Structural basis of rapid actin dynamics in the evolutionarily divergent Leishmania parasite.

Kotila T, Wioland H, Selvaraj M, Kogan K, Antenucci L, J├ęgou A, Huiskonen JT, Romet-Lemonne G, Lappalainen P

Nat Commun 13 (1) 3442 [2022-06-15; online 2022-06-15]

Actin polymerization generates forces for cellular processes throughout the eukaryotic kingdom, but our understanding of the 'ancient' actin turnover machineries is limited. We show that, despite > 1 billion years of evolution, pathogenic Leishmania major parasite and mammalian actins share the same overall fold and co-polymerize with each other. Interestingly, Leishmania harbors a simple actin-regulatory machinery that lacks cofilin 'cofactors', which accelerate filament disassembly in higher eukaryotes. By applying single-filament biochemistry we discovered that, compared to mammalian proteins, Leishmania actin filaments depolymerize more rapidly from both ends, and are severed > 100-fold more efficiently by cofilin. Our high-resolution cryo-EM structures of Leishmania ADP-, ADP-Pi- and cofilin-actin filaments identify specific features at actin subunit interfaces and cofilin-actin interactions that explain the unusually rapid dynamics of parasite actin filaments. Our findings reveal how divergent parasites achieve rapid actin dynamics using a remarkably simple set of actin-binding proteins, and elucidate evolution of the actin cytoskeleton.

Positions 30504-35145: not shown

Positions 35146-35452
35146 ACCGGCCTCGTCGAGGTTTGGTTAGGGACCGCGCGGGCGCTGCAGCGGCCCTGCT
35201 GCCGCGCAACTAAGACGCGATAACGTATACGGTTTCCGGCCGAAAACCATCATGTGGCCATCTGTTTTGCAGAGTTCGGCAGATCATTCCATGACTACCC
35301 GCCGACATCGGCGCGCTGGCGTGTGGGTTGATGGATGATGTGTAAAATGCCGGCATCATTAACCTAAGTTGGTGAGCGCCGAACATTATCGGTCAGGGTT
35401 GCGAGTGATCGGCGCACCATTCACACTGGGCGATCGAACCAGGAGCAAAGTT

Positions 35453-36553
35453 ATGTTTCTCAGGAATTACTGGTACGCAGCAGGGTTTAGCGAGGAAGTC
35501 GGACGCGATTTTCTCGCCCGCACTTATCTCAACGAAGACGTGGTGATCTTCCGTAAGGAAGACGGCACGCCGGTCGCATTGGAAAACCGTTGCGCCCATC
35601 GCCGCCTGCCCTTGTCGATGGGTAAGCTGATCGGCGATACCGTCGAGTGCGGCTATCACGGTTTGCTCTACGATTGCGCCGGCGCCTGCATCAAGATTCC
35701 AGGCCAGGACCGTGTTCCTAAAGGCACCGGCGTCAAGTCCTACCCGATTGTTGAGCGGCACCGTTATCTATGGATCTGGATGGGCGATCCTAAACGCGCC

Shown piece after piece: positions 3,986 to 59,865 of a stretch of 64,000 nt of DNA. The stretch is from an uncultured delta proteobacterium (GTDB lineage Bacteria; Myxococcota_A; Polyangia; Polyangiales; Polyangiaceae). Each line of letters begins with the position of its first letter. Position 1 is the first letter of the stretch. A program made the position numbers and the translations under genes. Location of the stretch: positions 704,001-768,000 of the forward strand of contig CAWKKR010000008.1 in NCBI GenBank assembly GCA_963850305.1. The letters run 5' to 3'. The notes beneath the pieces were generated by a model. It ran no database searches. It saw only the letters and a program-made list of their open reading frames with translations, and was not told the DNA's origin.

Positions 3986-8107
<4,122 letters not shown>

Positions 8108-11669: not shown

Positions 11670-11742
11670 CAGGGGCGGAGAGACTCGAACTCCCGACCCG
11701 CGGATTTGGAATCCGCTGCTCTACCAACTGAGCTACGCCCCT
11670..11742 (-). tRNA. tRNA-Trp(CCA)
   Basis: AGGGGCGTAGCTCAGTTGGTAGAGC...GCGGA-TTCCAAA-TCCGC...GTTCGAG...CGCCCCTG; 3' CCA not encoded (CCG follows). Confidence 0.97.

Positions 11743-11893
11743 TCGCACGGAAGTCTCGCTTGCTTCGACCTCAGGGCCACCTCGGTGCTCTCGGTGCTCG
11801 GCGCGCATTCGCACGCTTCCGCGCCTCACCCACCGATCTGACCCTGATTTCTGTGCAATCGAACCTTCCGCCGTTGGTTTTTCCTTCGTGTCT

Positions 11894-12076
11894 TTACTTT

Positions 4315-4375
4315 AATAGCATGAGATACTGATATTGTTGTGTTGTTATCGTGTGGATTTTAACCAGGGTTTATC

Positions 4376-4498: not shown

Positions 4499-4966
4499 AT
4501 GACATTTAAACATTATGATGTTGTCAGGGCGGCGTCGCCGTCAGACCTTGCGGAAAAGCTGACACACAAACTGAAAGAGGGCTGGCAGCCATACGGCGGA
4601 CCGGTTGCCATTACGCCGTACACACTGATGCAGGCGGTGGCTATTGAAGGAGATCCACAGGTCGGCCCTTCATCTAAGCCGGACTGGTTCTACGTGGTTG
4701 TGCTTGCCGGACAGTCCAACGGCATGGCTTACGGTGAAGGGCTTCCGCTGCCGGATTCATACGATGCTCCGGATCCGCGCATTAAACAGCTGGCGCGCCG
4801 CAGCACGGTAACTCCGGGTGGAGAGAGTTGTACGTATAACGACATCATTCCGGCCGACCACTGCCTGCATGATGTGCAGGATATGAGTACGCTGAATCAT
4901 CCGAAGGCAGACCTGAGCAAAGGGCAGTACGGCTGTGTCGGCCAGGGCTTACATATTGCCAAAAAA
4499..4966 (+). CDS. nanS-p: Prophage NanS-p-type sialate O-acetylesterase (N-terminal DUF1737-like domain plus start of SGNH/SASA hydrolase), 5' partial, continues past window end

Cryo-EM [Service]

PubMed 35705539

DOI 10.1038/s41467-022-31068-y

Crossref 10.1038/s41467-022-31068-y

pmc: PMC9200798
pii: 10.1038/s41467-022-31068-y

Publications 9.5.0